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There's Mø Limits

She’s the Scandinavian pop star du jour with a massive Avicii smash under her belt. Weirdly, though, Mø would rather not dwell on her biggest hit to date. For her, it’s about keeping it underground and edgy

Ed Power, 18 Nov 2013



Karen Marie Ørsted shifts a little uncomfortably in her seat. “Working with Avicii was just a funny thing I did,” she says. “I think it’s always nice to try something different. I like to challenge myself.”

 

She’s a little wary of broaching ‘Dear Boy’, her hands-in-the-air collaboration with EDM’s biggest, arguably naffest, brand. As electro pop ingenue Mø, Karen is all about the edge: her songs are smart and sharp, joyously avant-garde. Avicii, whose latest album combines throbbing house beats and Mumford and Sons banjo dirges, is none of these things. She’s worried about crossing the streams.

“It was such a long time since I even did it. It was just me having fun in my vocal box, really. I was screaming – seeing what would happen. I see them as two different things. It isn’t a ‘Mø’ project.”

She smiles and looks away when Hot Press canvasses for her opinion on Avicii. “It is different from what I enjoy doing,” she says, which, even allowing for the fact English is not her first language, doesn’t sound much like a ringing endorsement.

Some artists would simply shut down this line of inquiry entirely. That’s not Karen’s style. On stage, she’s a proper art-rock dervish – a riot of flared nostrils and popping eyeballs. Seated in a Dublin hotel several hours before an AlunaGeorge support gig, however, she couldn’t be less like her stage self. She is shy, giggly and very grounded.

“I grew up in a small town where there was very little to do,” she says. “You’d put on your hoodie, hang around, watch people, walking past. It was pretty boring.”

She found an outlet for her restlessness in a teenage riot girl band with whom she sang and played keyboards. Soon she started to write songs away from the group. Mostly electronic and infused with a melodic sensibility she hadn’t known she possessed, the recordings made their way to Sony Music in Copenhagen and, just like that, Mø was born.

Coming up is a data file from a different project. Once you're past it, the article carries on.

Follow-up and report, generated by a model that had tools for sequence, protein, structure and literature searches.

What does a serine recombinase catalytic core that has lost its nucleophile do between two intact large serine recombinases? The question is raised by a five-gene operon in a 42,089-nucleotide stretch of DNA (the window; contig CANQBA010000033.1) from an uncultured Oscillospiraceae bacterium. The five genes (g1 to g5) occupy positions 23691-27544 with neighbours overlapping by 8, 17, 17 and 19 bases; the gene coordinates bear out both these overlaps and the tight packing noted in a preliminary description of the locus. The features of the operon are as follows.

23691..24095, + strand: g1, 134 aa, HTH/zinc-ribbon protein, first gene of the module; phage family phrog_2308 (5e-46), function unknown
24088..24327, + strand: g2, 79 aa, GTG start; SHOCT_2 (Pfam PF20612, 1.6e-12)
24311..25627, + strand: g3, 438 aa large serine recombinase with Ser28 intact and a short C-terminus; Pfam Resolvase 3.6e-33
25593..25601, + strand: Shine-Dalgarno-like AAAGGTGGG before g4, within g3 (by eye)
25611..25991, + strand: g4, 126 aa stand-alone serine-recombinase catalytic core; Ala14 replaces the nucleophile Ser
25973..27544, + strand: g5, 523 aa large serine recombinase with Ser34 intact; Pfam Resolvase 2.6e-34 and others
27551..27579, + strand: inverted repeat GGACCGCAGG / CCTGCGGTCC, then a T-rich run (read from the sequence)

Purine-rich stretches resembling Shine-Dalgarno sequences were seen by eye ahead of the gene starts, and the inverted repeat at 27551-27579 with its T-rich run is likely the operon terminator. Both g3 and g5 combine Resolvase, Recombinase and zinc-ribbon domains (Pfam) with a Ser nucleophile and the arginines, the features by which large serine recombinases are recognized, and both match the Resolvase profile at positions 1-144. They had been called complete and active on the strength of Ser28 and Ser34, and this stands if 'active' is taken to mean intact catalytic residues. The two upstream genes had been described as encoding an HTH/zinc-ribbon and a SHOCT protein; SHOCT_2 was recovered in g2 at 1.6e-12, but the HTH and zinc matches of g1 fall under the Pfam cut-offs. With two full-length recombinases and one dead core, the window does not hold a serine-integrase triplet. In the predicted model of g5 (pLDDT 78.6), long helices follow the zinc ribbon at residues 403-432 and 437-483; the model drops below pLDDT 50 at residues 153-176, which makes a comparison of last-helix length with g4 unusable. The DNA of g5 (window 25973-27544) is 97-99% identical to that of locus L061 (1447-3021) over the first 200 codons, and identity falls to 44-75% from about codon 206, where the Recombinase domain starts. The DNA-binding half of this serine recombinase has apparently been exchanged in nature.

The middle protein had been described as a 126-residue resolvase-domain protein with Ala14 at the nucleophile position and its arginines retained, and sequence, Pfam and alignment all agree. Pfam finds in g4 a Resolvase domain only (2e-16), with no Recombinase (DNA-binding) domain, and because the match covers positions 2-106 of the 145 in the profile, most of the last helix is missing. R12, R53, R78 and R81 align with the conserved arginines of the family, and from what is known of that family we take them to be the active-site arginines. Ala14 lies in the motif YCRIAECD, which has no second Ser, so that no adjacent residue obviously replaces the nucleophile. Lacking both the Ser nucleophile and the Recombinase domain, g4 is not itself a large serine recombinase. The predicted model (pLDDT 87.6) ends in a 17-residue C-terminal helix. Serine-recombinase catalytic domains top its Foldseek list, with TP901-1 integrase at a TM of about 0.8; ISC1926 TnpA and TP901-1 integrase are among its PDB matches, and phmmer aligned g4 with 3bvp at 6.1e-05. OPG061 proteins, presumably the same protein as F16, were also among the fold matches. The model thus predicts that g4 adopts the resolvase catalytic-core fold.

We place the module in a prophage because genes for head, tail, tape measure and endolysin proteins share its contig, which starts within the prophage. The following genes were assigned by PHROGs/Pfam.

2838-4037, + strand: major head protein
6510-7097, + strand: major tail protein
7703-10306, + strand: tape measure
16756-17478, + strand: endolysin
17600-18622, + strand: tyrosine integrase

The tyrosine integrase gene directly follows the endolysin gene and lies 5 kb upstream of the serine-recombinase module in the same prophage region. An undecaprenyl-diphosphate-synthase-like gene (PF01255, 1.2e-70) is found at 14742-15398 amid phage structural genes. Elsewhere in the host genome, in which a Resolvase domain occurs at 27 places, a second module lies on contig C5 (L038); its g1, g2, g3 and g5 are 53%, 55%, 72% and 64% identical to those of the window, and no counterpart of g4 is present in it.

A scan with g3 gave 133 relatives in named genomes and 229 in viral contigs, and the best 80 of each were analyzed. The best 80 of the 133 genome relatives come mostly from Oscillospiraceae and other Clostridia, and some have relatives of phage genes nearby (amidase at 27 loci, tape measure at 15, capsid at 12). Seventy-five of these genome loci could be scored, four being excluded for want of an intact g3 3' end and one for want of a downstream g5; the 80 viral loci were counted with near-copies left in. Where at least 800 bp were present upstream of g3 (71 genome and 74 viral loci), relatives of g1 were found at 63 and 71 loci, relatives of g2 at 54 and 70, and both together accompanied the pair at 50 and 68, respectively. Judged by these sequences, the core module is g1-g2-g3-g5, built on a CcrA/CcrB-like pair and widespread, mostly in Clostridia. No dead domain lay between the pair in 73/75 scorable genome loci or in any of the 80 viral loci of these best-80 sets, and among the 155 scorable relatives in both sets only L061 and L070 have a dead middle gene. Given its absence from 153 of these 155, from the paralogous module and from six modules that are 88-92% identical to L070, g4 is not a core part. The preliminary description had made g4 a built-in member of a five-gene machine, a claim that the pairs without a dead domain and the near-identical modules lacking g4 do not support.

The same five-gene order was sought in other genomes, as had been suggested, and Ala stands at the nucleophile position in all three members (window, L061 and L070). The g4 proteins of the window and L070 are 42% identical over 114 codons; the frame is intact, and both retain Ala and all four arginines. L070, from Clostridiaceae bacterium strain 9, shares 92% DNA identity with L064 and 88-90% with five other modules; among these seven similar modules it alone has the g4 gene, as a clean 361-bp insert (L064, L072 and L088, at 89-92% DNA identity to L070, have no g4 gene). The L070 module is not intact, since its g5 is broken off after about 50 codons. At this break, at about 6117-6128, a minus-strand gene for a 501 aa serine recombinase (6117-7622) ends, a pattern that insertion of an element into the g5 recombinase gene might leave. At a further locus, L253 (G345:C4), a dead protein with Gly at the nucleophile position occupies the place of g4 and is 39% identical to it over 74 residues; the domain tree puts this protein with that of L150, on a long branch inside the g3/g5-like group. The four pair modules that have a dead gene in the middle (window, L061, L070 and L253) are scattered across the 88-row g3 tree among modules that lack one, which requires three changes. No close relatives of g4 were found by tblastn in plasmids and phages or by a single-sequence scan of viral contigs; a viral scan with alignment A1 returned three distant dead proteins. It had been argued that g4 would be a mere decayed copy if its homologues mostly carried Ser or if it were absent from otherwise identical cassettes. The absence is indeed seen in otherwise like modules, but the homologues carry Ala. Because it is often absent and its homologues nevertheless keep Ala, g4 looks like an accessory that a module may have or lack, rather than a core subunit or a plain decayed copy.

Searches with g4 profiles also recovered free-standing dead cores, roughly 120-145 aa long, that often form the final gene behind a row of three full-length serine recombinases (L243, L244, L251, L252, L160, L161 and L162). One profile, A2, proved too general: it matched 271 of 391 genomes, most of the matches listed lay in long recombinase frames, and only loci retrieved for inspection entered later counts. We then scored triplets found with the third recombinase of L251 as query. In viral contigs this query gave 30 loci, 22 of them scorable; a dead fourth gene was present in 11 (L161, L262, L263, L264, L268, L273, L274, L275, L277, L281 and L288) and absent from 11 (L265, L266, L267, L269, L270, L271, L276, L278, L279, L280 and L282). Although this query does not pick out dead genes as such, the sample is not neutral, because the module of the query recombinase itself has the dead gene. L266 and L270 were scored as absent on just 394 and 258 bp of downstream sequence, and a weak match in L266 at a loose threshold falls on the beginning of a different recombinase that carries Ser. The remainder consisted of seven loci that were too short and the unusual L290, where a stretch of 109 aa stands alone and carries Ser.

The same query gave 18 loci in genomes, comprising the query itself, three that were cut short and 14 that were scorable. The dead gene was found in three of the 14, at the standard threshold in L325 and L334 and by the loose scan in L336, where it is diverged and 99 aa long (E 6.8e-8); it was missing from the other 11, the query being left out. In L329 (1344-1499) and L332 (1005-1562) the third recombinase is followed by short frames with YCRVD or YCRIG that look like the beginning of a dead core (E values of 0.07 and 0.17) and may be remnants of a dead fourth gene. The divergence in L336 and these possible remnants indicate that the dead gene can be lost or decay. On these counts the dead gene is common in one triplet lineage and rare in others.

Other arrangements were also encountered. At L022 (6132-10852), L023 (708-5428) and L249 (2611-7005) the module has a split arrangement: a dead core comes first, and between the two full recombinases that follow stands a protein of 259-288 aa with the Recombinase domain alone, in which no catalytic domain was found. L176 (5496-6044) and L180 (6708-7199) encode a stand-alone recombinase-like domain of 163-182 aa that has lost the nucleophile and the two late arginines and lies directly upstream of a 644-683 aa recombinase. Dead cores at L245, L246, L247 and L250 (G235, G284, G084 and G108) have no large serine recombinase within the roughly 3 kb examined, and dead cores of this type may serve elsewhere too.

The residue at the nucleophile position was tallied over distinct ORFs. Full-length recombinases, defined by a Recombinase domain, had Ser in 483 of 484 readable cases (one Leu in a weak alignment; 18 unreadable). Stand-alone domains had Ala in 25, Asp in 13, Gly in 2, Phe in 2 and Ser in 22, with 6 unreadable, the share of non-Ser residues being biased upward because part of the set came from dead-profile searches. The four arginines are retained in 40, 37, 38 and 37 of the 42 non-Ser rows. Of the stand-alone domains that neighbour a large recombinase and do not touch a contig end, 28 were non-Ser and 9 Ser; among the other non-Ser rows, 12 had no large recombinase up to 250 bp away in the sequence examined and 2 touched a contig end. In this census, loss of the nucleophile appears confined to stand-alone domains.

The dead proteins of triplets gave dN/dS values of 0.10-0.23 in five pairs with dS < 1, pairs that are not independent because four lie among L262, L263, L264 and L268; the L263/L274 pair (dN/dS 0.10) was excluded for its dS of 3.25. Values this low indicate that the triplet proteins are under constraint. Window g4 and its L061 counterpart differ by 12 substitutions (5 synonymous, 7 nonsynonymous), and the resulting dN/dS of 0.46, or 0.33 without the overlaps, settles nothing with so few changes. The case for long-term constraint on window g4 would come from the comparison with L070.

Denmark can be a difficult place to break out of. Whereas critics and audiences are readily receptive to artists from Sweden, assuming they are steeped in the Abba-esque knack of imbuing uplifting music with a world of sadness, the southern neighbour is a more an unknown quantity. We have the Danes to thank for ‘Barbie Girl’ – more a German style euro-stomper than a piece of Scandi pop genius – and several so-so post rock groups. Mø agrees than Denmark can hold artists back, though not for the reasons you might expect.

“In Denmark, we are so privileged. You have so many choices. You can do whatever you want and, if you don’t, you get money from the government anyway. People have nothing to shout about. It’s hard to push back. You can go into a comfort zone and stay there.”

You might expect the phlegmatic Danes to be immune to the traditional music industry hype. In fact, there is a lot of buzz back home about Mø. It’s getting so that she can’t walk around Copenhagen without being recognised.

“There has been some of that in Denmark,” she nods. “We Danes do hype as well. However, it hasn’t got to a point where I cannot handle it. I feel I have had the space to work on my album. It is completed now. The decision has been made to hold it until early next year. From a business perspective, they have identified that as a good release time.”

For a moment you wonder if you are speaking to a trainee accountant rather than a high-kicking, mildly scandalous pop star. Hot Press observes that the polite young woman seated opposite is in vivid contrast to the Mø who shrieks and snarls her way across stage.


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